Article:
Star Rating 4 out of 5 Stars
Released 14 May 2020
Two genres you don’t tend to see on my reading pile are Art & Photography and Outdoor & Nature.. I’m not really sure why, I do have some books on the shelves of these genres (admittedly not many), but I do enjoy them. I came across Abandoned Industrial Places by random chance but I’m glad I did. The book is exceptionally well presented, engaging, and entrancing.
This book documents not just industrial heritage but also peoples’ heritage. Once upon a time, each abandoned industrial location logged within the pages brimmed with life and roaring with noise. They are the industry of the local area, the livelihood of workers which put food on their family’s tables. Now silent, they seem sad, lonely, and of course creepy now, as mother nature reclaims them.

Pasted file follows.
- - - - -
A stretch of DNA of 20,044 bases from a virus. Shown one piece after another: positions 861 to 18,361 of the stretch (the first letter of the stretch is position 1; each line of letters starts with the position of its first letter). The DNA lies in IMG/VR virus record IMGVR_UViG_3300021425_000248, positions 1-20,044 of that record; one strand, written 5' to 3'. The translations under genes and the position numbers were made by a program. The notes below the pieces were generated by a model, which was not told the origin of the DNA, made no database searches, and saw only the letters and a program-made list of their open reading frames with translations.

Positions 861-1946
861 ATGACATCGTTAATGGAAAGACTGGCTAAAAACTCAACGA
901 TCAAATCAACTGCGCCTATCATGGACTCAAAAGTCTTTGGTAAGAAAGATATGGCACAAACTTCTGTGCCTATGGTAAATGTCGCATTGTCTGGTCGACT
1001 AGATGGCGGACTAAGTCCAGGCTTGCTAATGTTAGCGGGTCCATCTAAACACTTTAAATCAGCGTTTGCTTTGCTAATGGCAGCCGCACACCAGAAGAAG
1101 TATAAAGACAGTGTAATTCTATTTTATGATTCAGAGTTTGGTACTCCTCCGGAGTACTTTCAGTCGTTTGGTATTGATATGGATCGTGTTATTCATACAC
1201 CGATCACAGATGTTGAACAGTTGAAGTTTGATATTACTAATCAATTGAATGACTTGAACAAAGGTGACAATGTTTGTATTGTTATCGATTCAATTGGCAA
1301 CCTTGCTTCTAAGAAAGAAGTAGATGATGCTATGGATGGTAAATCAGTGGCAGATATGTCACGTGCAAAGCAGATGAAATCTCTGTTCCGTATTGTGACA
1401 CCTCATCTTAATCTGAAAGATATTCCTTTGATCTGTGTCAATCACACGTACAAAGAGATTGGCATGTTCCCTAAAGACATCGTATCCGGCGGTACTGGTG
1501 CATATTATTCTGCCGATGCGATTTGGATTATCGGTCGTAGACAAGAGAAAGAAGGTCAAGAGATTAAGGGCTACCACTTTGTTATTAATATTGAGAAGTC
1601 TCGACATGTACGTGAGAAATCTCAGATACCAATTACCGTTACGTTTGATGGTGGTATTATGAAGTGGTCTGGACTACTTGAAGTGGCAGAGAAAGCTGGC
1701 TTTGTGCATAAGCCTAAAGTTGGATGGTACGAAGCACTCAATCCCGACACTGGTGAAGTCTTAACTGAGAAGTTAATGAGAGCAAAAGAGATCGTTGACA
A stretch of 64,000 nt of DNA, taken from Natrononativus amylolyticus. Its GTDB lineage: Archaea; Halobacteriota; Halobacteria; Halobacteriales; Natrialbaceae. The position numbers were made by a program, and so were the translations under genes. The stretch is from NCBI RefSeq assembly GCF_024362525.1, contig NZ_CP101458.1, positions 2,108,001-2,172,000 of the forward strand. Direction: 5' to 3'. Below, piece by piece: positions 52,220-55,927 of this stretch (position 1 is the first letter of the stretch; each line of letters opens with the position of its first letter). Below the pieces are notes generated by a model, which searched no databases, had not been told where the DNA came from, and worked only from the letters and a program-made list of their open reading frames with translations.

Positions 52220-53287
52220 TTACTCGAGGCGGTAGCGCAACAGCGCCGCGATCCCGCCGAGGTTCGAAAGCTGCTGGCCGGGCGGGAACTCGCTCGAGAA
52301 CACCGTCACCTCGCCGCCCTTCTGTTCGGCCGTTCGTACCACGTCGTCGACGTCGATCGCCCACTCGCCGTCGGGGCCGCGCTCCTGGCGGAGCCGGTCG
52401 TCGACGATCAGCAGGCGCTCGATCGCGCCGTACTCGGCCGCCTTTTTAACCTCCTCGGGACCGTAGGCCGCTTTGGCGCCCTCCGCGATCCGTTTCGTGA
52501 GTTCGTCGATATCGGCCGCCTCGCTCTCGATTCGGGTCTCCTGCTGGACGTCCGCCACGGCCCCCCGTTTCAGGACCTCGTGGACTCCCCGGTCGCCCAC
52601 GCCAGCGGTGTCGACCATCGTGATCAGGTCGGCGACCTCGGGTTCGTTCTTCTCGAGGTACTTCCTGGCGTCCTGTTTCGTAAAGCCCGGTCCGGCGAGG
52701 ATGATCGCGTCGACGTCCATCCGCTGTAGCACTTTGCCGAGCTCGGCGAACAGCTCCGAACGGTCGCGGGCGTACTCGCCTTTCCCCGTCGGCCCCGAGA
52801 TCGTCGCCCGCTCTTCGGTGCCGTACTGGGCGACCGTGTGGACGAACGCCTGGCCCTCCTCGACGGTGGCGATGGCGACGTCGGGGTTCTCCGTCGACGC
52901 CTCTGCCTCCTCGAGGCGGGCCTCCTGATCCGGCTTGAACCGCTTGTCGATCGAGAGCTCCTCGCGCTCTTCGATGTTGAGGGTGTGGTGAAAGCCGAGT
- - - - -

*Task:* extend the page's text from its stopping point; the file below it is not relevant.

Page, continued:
This book provides a platform for people like me to experiences hazardous places that I’d be too scared to visit and puts a sad but romantic light on a subject some reject as beautiful. The photographs within do speak a thousand words and during this time of Covid-19 lock-down, it is a great time to look back upon our industrial heritage and ponder its positives and negatives.
Thank you to NetGalley and the publisher, Amber Books Ltd for an E-ARC of this book in exchange for an honest review. All opinions are my own.